Figures 1A and 1B show a longitudinal section of the hypocotyl before being exposed to the culture medium containing 2,4-D. It was possible to distinguish: the cortical parenchyma, characterized by the presence of long, irregular cells of different sizes; the provascular zone had very small cells; and the central zone of the hypocotyl was performed by differentiated xylematic and phloematic elements. The first mitotic activity was observed at 48 h of culture from the center to outward with the xylem and phloem surrounded by a fine layer of cells that formed the provascular tissue. It can be seen around provascular tissue at the four- to five-cell layer of cortical parenchyma. After 2 d of culture with 2,4-D, an intense cell division of the hypocotyl provascular cells was observed in both periclinal and anticlinal directions, resulting in the presentation of slight bulges along the procambium with a radial orientation to the vascular strands (Fig. 1C–D). These bulges evolved into preglobular embryos after 6 to 7 d of culture that rapidly turned to the globular stage and only became visible when the epidermis of the hypocotyls was broken by the pressure applied from the inside the explant by the embryos (Fig. 2A–B). A line of tiny embryogenic structures along and around the vascular strands was observed (Fig. 2B). These groups of cells, presumably proembryoids, were individualized and separated from each other by a fine wall identified as the protoderm (Fig. 2C–D); the proembryoids evolved into bipolar and independent structures (Fig. 2E–F). The somatic embryos originated directly from the explant cells, and only the provascular cells were involved in the process, apparently without the intervention of the explant's xylem or epidermis cells (Fig. 2C–D). The proembryoids showed an apical region of very small cells with a very dense, stained cytoplasm as well as protodermis and suspensor (Fig. 2C). The suspensor, unlike the protodermis, showed long vacuolated cells with a slightly stained cytoplasm (Fig. 2C). After 12 d of culture induction, a procambium in the alveolated and polarized-shaped embryo was observed. The longitudinal section of the explant (Figs. 2E–F) showed embryos in heart-shaped and torpedo stages, respectively. These perfectly bipolar structures, once formed, did not show a vascular connection with the hypocotyl cells. The bilateral symmetry of somatic embryos was observed in later stages of development.

Fig. 1.
Fig. 1.

(A) Longitudinal section of the hypocotyl before in vitro culture (vb = vascular bundles; pc = parenchymatic cells); (B) longitudinal section showing periclinal cell divisions (pd); (C) longitudinal section of the hypocotyl showing thickening in the procambium (prc) as a result of intense mitotic activity of the provascular cells; (D) longitudinal section showing a cluster of mitotically active cells (pg = proembryonic globules).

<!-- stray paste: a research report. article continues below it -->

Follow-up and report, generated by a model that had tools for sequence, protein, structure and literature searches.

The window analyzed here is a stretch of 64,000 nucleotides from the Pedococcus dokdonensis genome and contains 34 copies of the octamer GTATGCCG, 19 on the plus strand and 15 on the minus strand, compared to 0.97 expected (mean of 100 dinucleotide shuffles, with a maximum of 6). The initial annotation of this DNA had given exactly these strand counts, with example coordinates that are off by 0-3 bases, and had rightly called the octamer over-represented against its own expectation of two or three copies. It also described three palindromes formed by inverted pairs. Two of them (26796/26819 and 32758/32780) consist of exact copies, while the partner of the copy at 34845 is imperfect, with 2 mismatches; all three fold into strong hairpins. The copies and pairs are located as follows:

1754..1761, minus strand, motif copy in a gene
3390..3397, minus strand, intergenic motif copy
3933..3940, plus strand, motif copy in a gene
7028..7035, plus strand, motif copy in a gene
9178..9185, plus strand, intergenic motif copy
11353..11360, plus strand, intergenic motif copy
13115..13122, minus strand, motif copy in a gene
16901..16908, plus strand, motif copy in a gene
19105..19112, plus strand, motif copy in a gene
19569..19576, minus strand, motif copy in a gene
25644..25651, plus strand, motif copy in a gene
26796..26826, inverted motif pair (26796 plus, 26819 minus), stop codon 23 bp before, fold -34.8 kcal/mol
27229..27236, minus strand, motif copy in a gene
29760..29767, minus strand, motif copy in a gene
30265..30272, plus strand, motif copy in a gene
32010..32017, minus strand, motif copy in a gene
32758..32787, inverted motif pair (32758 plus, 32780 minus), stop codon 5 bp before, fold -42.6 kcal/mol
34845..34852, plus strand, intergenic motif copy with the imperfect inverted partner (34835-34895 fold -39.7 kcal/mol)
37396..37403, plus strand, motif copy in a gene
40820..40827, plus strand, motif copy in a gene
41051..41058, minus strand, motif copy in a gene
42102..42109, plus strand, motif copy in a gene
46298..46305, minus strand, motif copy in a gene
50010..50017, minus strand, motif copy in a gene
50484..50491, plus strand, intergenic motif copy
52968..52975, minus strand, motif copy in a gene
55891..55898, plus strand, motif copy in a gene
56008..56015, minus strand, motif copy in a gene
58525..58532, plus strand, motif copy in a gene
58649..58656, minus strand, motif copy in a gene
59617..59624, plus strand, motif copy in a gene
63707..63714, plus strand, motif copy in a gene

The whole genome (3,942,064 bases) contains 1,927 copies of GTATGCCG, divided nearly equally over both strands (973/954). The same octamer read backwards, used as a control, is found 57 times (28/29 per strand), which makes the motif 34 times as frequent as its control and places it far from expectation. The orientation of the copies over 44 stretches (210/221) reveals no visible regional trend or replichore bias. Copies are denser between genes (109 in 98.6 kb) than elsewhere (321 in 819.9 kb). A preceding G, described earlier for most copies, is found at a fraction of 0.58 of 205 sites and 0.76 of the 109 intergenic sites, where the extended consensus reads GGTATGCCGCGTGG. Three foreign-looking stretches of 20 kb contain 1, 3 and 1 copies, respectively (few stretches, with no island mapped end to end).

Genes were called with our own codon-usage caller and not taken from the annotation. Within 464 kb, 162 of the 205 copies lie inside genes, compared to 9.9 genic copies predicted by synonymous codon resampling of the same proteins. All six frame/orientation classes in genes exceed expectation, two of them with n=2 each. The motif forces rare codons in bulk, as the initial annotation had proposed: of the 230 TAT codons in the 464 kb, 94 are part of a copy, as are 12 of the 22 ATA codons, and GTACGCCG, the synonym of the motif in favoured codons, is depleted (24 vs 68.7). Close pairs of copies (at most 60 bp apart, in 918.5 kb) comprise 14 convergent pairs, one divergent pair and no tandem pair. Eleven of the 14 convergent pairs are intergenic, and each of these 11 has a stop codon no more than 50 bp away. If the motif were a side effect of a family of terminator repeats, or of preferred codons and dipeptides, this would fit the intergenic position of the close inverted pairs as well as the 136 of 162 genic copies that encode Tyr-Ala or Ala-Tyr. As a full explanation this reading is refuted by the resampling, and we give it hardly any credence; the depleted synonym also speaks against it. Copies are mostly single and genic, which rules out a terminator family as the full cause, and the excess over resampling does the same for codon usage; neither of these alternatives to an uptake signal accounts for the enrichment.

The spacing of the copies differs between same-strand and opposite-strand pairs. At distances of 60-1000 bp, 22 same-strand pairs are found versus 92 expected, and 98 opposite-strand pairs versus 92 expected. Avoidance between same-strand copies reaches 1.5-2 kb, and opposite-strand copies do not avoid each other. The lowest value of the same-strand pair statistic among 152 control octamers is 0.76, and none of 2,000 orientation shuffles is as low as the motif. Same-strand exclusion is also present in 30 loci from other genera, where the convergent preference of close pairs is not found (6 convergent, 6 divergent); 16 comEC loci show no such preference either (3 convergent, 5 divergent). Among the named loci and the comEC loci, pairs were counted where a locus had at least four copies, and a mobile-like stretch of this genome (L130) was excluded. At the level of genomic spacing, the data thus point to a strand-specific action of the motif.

Citation: HortScience horts 44, 1; 10.21273/HORTSCI.44.1.113

Fig. 2.
Fig. 2.

Ontogenesis of the somatic embryogenesis. Longitudinal section of: (A) segment of hypocotyl with irregular epidermis because of the pressure of the embryos born inside (ge = globular embryo); (B) longitudinal section of the explant during ontogenesis of the somatic embryos in the provascular zone of the hypocotyl (ep = epidermis); (C–D) embryos in early stages of their development (proembryoids). The suspensor formed through successive divisions of the base cells (s = suspensor); (E–F) somatic embryos in different stages of development (hse = heart-shaped embryos; te = torpedo embryos).

Citation: HortScience horts 44, 1; 10.21273/HORTSCI.44.1.113

The transition of proembryoids to preglobular and globular stages (early stages) was characterized by the formation of concentric rings of cells with a small vacuole and a prominent cytoplasm (Fig. 3A). In these meristematic centers, intense mitotic activity was observed (Fig. 3B). The subsequent cellular division in anticlinal and periclinal directions gave rise to meristematic centers consisting of small embryogenic cells with dense cytoplasm, small nucleus, and with small starch grains (Fig. 3A–B). A complex of cells around the embryogenic mass was perfectly distinguishable, producing small masses or isolated zones identified as proembryogenic structures (Fig. 3C–D). The appearance of globular structures was coupled with the development of the protoderm, the outermost layer of a developing embryo (Fig. 3E–F). The protoderm was distinguished in the early globular stages, but it was better defined in the late globular stage (Fig. 3G). A marked reduction in the mitotic activity of the cells and a well-defined cell organization at later stages of the embryos' development were observed, but differentiation did not occur; this event was observed mainly in cells located inside the cellular mass. It was evident by the presence of small vacuolated cells.